The rapid resurgence of interest in turmeric stems from its recently discovered anti-cancer potential, though, so far, proven only on laboratory animals with possible extrapolation to the humans. A clue to this was initially provided by studies done in vitro whereby turmeric (and also curcumin) was shown to be selectively cytotoxic to cancer cells and effective in thwarting the effects of a variety of environmental carcinogenic mutagens, including the ubiquitous powerful pollutant compound benzo (a) pyrene, which transform in vitro normal cells into malignant ones. Further, turmeric is known to suppress chemically induced chromosomal aberrations — the prerequisite for transformation of normal cells to malignant ones.

Besides, turmeric elevates the activity of anti-cancer enzyme glutathione-s-transferase which protects against free radical damage, also the root cause of many other human afflictions While extrapolating the doses of turmeric used in animal studies to humans, Krishnaswamy calculated that an intake of about 500-1000 mg/day of turmeric powder in humans would correspond to the doses proved effective in the lower animals in containing mutagenicity.

“The evidence on turmeric constantly suggests a protective effect and it is conceivable that it protects against cancer as a whole", says a book titled "Food, Nutrition and the Prevention of Cancer: A Global Perspective (published by American Institute of Cancer Research).

Dr Kanwar is the former Chairman of the Department of Biophysics, Panjab University, Chandigarh.Top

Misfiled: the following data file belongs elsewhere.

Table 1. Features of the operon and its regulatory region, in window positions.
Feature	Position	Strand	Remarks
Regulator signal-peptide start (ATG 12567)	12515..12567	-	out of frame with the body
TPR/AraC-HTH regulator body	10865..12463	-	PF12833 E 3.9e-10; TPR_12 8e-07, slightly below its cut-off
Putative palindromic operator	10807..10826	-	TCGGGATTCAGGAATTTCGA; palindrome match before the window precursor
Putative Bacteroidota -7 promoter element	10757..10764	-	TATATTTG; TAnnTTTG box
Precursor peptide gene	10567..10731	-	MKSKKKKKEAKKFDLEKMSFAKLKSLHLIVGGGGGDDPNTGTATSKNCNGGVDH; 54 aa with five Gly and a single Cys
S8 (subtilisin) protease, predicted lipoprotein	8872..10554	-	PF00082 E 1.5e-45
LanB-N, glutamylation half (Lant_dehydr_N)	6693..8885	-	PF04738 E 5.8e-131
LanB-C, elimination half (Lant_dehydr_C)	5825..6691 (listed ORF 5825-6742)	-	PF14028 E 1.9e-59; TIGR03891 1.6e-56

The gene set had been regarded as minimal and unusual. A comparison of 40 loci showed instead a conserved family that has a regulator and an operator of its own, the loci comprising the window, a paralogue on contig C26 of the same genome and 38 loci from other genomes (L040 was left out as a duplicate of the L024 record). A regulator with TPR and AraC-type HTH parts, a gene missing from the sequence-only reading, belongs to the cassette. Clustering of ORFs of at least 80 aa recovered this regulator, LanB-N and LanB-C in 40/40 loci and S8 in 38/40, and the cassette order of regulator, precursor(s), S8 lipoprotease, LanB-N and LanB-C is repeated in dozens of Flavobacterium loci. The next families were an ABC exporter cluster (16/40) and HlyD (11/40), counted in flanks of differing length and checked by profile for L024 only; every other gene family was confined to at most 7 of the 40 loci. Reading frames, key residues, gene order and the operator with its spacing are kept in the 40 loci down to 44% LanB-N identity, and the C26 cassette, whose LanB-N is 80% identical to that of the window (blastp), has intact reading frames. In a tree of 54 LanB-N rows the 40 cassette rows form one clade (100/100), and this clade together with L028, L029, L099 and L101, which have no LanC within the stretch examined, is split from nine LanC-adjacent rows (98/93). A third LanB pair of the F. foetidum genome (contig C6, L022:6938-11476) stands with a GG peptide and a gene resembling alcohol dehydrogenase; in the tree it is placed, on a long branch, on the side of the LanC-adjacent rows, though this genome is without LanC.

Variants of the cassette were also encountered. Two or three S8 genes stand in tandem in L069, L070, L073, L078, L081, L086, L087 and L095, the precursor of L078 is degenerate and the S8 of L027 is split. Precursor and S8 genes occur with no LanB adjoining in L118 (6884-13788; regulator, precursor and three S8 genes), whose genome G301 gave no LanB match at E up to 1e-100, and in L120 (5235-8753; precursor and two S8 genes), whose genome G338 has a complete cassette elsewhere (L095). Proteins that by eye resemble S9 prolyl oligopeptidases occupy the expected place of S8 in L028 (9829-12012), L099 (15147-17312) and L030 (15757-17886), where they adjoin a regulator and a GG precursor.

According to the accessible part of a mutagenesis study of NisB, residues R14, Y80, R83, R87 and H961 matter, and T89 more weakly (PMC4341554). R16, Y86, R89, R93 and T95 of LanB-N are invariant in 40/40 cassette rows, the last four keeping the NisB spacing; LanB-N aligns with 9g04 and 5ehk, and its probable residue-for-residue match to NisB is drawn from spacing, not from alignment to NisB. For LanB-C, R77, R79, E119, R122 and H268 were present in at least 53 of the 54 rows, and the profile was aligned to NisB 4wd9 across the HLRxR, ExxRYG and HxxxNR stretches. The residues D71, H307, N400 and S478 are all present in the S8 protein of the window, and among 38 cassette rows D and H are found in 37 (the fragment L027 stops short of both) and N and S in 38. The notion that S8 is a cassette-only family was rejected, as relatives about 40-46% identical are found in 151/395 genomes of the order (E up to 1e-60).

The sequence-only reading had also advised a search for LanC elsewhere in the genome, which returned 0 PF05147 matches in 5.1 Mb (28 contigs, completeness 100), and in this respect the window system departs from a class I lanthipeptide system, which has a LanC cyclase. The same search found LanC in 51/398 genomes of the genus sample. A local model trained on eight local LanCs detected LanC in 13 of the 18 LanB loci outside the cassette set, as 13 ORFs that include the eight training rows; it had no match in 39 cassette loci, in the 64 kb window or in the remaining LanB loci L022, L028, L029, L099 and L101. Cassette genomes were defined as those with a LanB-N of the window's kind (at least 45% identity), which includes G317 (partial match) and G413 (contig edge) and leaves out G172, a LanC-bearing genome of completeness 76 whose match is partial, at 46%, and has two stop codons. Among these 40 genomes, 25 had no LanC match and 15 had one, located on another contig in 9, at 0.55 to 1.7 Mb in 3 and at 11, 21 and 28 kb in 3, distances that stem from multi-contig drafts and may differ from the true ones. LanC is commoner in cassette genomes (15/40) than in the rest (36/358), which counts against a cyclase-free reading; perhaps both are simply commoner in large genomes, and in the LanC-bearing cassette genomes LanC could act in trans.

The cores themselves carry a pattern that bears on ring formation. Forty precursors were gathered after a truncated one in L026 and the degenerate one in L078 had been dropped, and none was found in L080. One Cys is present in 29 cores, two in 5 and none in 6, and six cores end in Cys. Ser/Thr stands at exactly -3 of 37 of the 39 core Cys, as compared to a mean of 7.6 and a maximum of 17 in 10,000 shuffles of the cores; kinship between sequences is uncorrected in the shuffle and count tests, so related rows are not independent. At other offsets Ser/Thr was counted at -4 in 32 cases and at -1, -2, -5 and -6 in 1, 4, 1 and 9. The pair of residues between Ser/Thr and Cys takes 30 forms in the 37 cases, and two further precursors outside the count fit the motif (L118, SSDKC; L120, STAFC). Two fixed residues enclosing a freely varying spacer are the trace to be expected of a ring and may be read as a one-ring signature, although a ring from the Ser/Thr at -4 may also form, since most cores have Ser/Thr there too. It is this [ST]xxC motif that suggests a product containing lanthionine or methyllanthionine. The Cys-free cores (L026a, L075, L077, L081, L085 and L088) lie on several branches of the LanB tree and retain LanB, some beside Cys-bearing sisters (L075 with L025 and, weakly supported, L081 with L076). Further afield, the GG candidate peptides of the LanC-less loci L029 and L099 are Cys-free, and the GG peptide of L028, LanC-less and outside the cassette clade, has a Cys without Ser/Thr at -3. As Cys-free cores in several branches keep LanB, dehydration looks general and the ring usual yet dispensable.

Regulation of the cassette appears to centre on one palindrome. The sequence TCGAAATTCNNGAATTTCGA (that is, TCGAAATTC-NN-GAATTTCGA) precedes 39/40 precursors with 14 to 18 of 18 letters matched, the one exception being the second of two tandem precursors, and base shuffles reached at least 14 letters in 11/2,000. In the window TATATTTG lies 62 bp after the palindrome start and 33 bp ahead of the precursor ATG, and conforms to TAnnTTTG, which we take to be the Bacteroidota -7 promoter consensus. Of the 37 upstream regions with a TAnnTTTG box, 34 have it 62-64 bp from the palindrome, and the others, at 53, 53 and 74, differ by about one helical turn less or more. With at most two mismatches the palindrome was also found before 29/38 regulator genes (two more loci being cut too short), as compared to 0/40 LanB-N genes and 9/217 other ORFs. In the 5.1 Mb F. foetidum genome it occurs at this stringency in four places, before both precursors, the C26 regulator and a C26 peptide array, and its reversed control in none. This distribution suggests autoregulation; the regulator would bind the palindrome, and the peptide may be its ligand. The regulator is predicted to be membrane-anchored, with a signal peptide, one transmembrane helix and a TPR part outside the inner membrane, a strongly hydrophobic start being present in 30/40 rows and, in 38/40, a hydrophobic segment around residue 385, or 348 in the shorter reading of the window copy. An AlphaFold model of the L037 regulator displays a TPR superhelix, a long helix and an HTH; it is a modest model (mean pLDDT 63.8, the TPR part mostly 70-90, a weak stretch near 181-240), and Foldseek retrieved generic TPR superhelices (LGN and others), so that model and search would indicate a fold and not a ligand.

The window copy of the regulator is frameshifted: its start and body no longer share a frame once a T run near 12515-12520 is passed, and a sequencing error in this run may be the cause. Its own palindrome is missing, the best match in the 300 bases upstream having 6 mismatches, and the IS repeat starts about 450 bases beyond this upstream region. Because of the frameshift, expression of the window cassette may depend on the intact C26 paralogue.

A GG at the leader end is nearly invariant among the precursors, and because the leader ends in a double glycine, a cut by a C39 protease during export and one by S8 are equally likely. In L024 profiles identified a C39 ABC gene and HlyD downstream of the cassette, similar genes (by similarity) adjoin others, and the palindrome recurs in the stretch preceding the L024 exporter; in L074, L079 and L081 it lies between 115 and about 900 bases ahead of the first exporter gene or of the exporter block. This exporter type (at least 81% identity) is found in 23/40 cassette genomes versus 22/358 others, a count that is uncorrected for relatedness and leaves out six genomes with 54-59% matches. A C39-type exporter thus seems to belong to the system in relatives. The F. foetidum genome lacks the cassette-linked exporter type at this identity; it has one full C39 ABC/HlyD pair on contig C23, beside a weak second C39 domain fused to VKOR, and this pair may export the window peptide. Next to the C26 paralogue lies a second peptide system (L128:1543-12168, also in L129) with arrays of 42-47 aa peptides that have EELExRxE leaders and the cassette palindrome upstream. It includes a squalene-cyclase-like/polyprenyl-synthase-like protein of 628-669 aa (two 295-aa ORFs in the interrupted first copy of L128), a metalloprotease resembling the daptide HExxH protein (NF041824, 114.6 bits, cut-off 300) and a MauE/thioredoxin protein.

Reading the Book of Man

June 26, 2000, will surely come to be regarded as one of the most significant dates in human history. It was the day when scientists in the UK, France, Germany, Japan, China and the USA, who are taking part in the Human Genome Project, announced that they had mapped 97 per cent of the human genome and accurately sequenced 85 per cent of it.

This is the end of the beginning, not the completion of the task; at least two more years will be spent filling in gaps in the knowledge. The ultimate aim is to know the sequence of all the bases (chemical sub-units) from end-to-end of the two metres of deoxyribonucleic acid (DNA) in every cell of the human body.

There are about three billion of these bases from end-to-end of our DNA, but only four different kinds of bases, known for short as A,C,G and T. It is the sequences of these four bases in our genes that carry the information required for our cells to assemble the proteins which make up our bodies and which normally ensure that our proteins have precisely the correct structures.

Genes occupy only about 3 per cent of our DNA; the remaining 97 per cent has no known function. But it still has to be sequenced in order to reveal the genes dotted around in it and in the hope of eventually revealing its functions, if it has any.

Sequencing the entire genome is a mighty task. If someone were to start from one end to recite the sequence of the bases in human DNA, at a rate of one base per second, 24 hours a day, it would take 100 years to get to other end.

The UK's contribution to this huge achievement has been massive. The world's largest medical charity, the Wellcome Trust, has committed £210 million to the Human Genome Project (HGP) at the Sanger Centre for gene sequencing. The Centre is named after Fred Sanger who received two Nobel Prizes for discovering how to determine the sequences of the chemical building blocks in proteins and in DNA. The Sanger Centre, opened in 1997, has sequenced approximately one-third of the entire genome.